Student work on this page illustrates each of the i.t.a. spelling/writing protocols:
- Spelling by Sound (Using i.t.a. to represent sounds in all words, even those that students already know)
- Writing in TO (Traditional Orthography), with i.t.a. for unknown words
Spelling by Sound
At this level, students dictate stories to their tutor, then write them word by word in i.t.a. to master phonemic awareness, essential for development of decoding and spelling skills. All students start with the i.t.a.-only writing protocol, whether they are in first or 12th grade when they begin at the clinic. The following stories were written by primary-grade students new to the i.t.a. writing protocol.
This delightful “chapter book” was written by a fifth grade girl whose visual images are as imaginative as her written story. In “About the Author” she tells of her journey from Haiti to high school in the U.S.
The Crazy Bus Driver
This story was written by a 7th grader who was reading at the beginning of first grade when he first came to the i.t.a. Literacy Clinic for help.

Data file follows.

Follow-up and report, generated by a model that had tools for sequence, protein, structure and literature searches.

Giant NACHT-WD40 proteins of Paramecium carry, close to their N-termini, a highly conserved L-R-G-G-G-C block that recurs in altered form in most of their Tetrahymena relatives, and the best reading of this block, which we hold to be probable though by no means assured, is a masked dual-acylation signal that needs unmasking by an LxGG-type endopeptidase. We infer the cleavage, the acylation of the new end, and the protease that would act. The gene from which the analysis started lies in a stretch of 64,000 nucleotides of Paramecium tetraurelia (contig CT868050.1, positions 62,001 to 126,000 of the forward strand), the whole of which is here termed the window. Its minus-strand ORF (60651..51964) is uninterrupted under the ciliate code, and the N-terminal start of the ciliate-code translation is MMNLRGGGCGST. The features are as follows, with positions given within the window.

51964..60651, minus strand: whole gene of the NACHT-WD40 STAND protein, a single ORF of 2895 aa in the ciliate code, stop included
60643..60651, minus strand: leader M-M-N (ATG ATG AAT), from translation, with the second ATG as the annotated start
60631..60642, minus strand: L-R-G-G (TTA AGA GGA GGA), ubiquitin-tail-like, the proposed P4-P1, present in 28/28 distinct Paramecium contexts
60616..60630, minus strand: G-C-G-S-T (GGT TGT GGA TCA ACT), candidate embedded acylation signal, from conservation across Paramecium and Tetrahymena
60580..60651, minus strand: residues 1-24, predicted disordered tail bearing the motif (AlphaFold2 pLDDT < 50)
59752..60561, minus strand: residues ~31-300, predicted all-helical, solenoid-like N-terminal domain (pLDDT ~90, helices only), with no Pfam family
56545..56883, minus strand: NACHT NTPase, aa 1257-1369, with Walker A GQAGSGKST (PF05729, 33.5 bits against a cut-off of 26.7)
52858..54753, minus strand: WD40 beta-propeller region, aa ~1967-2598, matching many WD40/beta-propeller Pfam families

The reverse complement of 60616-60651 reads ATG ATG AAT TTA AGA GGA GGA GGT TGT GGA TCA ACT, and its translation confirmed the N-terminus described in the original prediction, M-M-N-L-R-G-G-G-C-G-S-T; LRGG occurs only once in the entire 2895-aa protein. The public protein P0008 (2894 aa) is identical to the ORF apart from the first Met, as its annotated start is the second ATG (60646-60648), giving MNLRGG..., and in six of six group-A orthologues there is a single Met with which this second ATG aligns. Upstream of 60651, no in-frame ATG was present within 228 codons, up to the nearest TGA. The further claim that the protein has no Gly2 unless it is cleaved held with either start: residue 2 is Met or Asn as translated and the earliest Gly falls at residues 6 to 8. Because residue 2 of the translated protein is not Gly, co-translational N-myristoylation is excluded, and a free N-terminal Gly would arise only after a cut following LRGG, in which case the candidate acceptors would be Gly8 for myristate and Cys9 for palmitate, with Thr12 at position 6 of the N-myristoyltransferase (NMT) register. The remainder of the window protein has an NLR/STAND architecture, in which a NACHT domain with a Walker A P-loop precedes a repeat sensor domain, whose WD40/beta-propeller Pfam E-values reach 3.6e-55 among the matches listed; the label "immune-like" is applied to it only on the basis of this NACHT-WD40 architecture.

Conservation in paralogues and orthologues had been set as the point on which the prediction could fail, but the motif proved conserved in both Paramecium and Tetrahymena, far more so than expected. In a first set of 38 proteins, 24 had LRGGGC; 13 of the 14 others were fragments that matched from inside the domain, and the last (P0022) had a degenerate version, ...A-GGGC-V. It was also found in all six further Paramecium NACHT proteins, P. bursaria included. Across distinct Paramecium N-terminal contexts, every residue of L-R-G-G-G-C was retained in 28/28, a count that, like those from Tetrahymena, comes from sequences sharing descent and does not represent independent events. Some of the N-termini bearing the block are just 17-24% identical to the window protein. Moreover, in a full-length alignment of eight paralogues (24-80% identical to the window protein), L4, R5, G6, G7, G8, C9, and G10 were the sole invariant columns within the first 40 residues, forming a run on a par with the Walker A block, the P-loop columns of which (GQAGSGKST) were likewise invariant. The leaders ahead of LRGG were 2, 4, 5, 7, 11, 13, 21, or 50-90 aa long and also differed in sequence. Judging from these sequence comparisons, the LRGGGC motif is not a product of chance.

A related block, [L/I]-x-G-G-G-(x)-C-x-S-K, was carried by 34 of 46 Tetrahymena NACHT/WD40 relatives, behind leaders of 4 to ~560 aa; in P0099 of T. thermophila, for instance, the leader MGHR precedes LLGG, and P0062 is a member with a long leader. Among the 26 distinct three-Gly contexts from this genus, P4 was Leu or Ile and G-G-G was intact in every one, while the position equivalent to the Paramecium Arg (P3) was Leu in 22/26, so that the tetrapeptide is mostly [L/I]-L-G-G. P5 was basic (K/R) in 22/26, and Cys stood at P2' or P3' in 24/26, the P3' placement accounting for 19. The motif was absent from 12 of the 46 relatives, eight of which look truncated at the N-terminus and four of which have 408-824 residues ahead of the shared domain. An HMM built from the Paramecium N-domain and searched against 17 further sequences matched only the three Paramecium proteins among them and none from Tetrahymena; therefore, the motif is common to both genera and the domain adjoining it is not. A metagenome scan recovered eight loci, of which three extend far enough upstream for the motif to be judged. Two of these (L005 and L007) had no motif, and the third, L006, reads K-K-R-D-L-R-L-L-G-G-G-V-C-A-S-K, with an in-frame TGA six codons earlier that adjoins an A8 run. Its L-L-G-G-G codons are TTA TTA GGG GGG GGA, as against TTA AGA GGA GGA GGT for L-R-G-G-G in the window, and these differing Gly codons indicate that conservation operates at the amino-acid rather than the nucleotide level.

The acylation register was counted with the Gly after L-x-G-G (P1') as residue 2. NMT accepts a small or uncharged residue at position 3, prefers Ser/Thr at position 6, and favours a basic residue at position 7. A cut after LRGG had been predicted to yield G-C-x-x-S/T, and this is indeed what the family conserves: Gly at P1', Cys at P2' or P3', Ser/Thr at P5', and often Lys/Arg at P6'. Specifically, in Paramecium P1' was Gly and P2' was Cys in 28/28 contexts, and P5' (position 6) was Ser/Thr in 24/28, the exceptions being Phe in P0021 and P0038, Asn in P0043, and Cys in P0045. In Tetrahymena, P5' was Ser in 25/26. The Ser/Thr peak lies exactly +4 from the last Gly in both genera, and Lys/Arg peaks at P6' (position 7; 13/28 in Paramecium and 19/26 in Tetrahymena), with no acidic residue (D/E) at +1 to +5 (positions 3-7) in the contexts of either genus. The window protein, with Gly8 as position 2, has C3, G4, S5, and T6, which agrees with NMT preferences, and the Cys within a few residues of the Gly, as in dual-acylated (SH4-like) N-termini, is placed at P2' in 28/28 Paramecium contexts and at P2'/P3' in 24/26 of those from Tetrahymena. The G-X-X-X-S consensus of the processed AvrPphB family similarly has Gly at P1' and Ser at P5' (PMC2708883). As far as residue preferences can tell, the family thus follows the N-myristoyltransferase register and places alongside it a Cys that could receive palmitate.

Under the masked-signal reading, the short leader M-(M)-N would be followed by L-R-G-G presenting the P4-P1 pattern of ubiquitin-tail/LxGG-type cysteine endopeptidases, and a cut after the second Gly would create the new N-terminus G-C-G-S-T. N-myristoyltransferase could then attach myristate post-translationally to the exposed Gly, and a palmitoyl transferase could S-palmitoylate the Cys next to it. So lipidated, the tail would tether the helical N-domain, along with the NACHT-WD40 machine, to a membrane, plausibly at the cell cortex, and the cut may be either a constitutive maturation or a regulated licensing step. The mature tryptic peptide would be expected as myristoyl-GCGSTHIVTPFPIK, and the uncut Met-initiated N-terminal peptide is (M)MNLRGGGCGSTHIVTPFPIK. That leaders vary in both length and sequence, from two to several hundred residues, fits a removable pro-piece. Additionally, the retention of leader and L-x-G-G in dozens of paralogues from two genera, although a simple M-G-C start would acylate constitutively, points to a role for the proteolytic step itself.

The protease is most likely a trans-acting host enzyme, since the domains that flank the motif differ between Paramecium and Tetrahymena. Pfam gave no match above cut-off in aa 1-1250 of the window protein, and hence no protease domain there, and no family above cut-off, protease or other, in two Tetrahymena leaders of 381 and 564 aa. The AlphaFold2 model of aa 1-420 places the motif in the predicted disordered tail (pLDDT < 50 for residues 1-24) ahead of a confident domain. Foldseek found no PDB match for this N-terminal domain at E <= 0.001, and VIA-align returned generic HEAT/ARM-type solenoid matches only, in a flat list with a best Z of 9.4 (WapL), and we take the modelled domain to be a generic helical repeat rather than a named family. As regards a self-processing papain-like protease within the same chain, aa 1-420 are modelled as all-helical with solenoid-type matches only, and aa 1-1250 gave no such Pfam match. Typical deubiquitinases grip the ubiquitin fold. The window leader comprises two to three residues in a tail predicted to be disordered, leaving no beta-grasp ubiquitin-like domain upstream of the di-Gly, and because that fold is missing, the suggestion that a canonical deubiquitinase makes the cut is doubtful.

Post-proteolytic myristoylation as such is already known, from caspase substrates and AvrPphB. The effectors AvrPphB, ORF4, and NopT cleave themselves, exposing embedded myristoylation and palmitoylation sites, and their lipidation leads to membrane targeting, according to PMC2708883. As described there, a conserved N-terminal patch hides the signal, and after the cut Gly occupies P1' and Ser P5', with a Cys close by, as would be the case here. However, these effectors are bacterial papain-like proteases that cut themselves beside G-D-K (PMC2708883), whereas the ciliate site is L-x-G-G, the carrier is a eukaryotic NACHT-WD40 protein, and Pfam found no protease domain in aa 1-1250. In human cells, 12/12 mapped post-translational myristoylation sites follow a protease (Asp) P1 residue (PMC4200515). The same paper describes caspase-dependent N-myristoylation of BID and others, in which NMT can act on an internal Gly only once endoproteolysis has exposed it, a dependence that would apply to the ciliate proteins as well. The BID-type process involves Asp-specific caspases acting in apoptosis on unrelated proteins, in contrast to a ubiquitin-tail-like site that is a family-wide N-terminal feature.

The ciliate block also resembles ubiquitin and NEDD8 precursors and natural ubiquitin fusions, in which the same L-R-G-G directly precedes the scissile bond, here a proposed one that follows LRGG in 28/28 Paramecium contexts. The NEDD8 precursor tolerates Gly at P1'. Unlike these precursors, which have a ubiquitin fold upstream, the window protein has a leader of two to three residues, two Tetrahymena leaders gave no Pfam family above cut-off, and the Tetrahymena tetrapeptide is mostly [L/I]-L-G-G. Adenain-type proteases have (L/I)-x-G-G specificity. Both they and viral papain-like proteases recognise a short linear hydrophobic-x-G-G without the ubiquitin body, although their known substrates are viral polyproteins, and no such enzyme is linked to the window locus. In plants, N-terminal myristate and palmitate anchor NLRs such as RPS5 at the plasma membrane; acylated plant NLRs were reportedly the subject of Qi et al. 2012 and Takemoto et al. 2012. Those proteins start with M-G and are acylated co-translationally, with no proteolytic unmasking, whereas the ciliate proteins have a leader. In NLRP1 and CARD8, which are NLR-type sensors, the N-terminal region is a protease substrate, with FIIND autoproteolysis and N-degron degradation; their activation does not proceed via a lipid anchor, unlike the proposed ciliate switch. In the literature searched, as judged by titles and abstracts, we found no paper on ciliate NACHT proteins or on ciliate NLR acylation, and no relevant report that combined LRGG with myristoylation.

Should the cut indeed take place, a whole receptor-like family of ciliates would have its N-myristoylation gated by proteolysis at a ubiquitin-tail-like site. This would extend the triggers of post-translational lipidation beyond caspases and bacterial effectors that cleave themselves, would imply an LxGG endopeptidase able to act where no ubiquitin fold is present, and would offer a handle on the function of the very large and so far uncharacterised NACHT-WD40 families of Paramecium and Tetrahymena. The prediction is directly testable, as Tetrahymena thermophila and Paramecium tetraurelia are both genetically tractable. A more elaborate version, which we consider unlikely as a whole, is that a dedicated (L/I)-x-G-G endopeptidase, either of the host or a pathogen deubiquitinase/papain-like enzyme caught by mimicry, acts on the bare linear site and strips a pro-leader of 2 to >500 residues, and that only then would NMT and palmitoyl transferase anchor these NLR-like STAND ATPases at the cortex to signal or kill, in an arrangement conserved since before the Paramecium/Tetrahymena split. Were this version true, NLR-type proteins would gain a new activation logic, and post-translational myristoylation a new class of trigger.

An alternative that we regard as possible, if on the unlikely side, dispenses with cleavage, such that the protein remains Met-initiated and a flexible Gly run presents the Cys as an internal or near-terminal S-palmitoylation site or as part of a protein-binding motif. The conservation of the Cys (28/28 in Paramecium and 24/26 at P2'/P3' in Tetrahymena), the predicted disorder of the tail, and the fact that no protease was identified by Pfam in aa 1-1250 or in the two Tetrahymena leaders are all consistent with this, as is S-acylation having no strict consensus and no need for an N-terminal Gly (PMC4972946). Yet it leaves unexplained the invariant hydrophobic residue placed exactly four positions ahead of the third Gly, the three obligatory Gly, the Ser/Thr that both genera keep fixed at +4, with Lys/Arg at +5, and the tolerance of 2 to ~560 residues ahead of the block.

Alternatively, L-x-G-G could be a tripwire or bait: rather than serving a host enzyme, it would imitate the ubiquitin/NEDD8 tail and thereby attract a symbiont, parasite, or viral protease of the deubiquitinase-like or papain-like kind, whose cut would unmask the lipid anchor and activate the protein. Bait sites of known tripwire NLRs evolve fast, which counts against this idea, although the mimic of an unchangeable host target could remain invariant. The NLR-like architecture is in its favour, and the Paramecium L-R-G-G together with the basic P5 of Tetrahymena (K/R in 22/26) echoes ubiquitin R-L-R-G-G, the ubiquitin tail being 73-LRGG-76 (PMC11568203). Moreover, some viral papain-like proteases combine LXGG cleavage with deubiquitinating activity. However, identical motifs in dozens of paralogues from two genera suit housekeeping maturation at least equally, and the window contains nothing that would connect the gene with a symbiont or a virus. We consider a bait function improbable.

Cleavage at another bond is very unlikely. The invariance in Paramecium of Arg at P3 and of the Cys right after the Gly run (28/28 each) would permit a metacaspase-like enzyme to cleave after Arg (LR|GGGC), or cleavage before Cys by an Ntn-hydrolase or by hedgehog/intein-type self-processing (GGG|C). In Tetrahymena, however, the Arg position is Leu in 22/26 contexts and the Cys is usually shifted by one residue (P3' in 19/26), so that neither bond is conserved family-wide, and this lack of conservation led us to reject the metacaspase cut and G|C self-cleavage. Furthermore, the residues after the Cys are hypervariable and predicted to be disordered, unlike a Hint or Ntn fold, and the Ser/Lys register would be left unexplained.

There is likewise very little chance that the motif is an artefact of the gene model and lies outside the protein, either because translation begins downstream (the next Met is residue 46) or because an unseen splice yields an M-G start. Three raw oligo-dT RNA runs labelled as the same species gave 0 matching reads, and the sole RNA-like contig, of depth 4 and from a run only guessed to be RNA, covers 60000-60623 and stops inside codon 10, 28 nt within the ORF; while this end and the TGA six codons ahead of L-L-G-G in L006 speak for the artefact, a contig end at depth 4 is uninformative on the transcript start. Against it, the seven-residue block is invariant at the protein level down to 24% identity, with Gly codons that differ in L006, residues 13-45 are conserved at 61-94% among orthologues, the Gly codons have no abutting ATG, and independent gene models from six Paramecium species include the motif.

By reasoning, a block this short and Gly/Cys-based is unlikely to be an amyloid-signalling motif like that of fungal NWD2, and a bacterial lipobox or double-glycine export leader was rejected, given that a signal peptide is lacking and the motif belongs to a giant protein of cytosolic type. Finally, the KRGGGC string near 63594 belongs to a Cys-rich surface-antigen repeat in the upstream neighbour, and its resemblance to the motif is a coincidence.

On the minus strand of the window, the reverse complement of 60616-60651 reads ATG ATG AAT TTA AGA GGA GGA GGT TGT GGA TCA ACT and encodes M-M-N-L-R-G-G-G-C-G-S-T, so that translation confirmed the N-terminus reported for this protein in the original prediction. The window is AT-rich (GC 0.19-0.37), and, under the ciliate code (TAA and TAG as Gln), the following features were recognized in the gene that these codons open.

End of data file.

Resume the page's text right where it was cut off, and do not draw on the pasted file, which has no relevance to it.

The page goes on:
The following collection of poems, written by a 16-year-old student with a second-grade reading level, demonstrates a powerful creative voice that would have never found expression if not for the help she received in a high school i.t.a. program sponsored by the Foundation.
Kenidee I Wanna Be
Our high school poet also wrote a delightful children’s book about finding yourself.
Traditional Orthography with i.t.a. for Unknown Words
Once students can match all the sounds in words to the symbols that represent those sounds, they are ready to write stories with a mix of i.t.a. and TO (traditional orthography). At this level, they write all the words that they know how to spell in traditional orthography, using i.t.a. for unknown words.